Soon after receiving his doctorate, Althusius became a lecturer in Roman law and in philosophy at Herborn, a newly established Calvinist college attended by students from many countries. In 1594 he became professor of law, and he was appointed rector of the college in 1597 and again in 1602. He also served as an advocate in the chancellery at Dillenburg. In this capacity he defended the rights of the college against the ambitions of the noblemen of the county. He was also involved in controversies with his colleague, the law professor Anton Matthäus (1564–1637), and with some of the Herborn theologians. In spite of these activities, he found time to write his most famous work, Politica Methodice Digesta et Exemplis Sacris et Profanis Illustrata (Politics methodically arranged and illustrated by holy and profane examples [Herborn, 1603; 2nd enlarged ed., Groningen, 1610; 3rd enlarged ed., Herborn, 1614]). This work was, as C. J. Friedrich wrote, "the culminating point of his life." The book clearly showed Althusius's systematic strength. He undertook to coordinate the diverse views of the Bible, Roman law, and the advocacy of the right to resist an unjust monarch of George Buchanan and the monarchomachs, and, on this basis, to write a compendium of political science.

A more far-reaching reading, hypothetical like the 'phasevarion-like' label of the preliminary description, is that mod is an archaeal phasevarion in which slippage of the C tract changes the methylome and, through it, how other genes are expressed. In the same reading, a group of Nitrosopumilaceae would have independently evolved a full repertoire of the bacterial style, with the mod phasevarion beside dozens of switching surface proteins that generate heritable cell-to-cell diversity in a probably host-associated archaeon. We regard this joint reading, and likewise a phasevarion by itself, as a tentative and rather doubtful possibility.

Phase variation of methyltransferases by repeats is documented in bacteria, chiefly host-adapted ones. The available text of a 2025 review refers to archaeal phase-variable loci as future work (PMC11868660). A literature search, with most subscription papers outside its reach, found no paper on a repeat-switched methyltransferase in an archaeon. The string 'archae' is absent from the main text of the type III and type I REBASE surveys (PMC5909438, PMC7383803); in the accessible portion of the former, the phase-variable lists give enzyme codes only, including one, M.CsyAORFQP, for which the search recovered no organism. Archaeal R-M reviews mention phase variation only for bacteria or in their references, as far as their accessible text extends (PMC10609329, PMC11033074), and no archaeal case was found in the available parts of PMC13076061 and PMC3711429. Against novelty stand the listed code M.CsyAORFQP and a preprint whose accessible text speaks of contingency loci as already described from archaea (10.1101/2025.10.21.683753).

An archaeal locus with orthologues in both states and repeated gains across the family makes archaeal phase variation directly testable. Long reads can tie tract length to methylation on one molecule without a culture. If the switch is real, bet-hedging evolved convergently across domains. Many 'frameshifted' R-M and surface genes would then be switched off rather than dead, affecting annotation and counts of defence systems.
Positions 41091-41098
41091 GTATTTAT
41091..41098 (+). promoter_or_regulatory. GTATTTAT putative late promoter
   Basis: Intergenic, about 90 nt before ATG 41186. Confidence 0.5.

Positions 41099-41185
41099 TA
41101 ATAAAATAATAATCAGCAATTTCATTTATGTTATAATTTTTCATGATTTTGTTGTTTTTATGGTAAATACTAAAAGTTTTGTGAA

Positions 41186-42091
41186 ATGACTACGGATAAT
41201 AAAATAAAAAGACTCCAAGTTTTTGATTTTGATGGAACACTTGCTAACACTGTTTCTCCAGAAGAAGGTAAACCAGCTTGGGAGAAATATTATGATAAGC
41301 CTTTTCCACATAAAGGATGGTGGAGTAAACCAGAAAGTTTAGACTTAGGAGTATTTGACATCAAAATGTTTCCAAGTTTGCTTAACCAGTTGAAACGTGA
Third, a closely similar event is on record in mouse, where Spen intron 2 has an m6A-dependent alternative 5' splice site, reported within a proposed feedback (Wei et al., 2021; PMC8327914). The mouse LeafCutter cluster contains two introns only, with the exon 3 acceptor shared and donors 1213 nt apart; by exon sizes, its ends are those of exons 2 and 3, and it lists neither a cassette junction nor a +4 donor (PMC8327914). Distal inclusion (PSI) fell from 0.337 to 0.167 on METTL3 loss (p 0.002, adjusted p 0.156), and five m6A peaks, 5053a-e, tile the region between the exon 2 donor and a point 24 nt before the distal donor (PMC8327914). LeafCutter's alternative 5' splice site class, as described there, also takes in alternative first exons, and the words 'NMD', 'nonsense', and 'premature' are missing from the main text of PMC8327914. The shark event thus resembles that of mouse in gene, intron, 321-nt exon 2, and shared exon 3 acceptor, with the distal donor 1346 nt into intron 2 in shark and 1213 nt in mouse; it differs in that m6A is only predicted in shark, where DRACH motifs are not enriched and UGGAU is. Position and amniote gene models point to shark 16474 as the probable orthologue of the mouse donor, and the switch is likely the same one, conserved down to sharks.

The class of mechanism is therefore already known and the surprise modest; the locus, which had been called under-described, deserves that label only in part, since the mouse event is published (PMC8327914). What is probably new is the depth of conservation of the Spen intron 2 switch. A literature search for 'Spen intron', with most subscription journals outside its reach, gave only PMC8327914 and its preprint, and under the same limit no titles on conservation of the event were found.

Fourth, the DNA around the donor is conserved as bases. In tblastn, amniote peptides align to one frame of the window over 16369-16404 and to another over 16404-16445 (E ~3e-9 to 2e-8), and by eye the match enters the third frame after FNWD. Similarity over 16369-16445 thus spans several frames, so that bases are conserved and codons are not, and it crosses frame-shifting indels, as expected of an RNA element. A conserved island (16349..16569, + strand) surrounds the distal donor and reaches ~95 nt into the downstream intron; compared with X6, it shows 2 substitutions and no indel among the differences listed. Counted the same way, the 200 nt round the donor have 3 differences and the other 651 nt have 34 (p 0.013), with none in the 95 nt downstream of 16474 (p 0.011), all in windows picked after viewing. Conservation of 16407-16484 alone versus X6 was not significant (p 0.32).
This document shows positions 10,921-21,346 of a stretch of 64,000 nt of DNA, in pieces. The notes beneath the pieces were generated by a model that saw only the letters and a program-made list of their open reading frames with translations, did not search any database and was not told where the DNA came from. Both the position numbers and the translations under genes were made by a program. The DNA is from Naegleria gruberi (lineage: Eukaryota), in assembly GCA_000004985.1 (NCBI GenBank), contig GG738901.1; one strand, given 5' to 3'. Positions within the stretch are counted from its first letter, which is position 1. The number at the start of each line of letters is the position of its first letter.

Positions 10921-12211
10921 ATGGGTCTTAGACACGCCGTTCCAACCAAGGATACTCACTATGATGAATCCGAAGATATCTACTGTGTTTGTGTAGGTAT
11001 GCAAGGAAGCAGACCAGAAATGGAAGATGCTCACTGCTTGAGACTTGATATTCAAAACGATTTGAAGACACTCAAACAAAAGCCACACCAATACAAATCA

The book was a natural and rational system of sociology, involving all the contemporary discussions of the problematical questions of theology, ethics, and jurisprudence. Althusius's fundamental view was that "politics is the science of linking human beings to each other for a social life." The whole of humankind, living in natural cooperative groups, builds up a universal community of civil and private corporations. The members join each corporation by the force of their sympathetic emotions. In this respect Althusius resembled both Hugo Grotius and Jean-Jacques Rousseau. However, he was a strong opponent of Jean Bodin's doctrine of royal absolutism, believing that the constituent power belongs to the community and that sovereignty is an attribute of the organized people, not of the king. The people decide all fundamental political questions through the representative assembly, and the chief of state is only a commissioner of the people and may be deposed if he acts contrary to the contract between him and the community. The representative assembly must obey the commandments of God and observe the natural laws. The necessities of human nature are as much a source of social order as is God's will.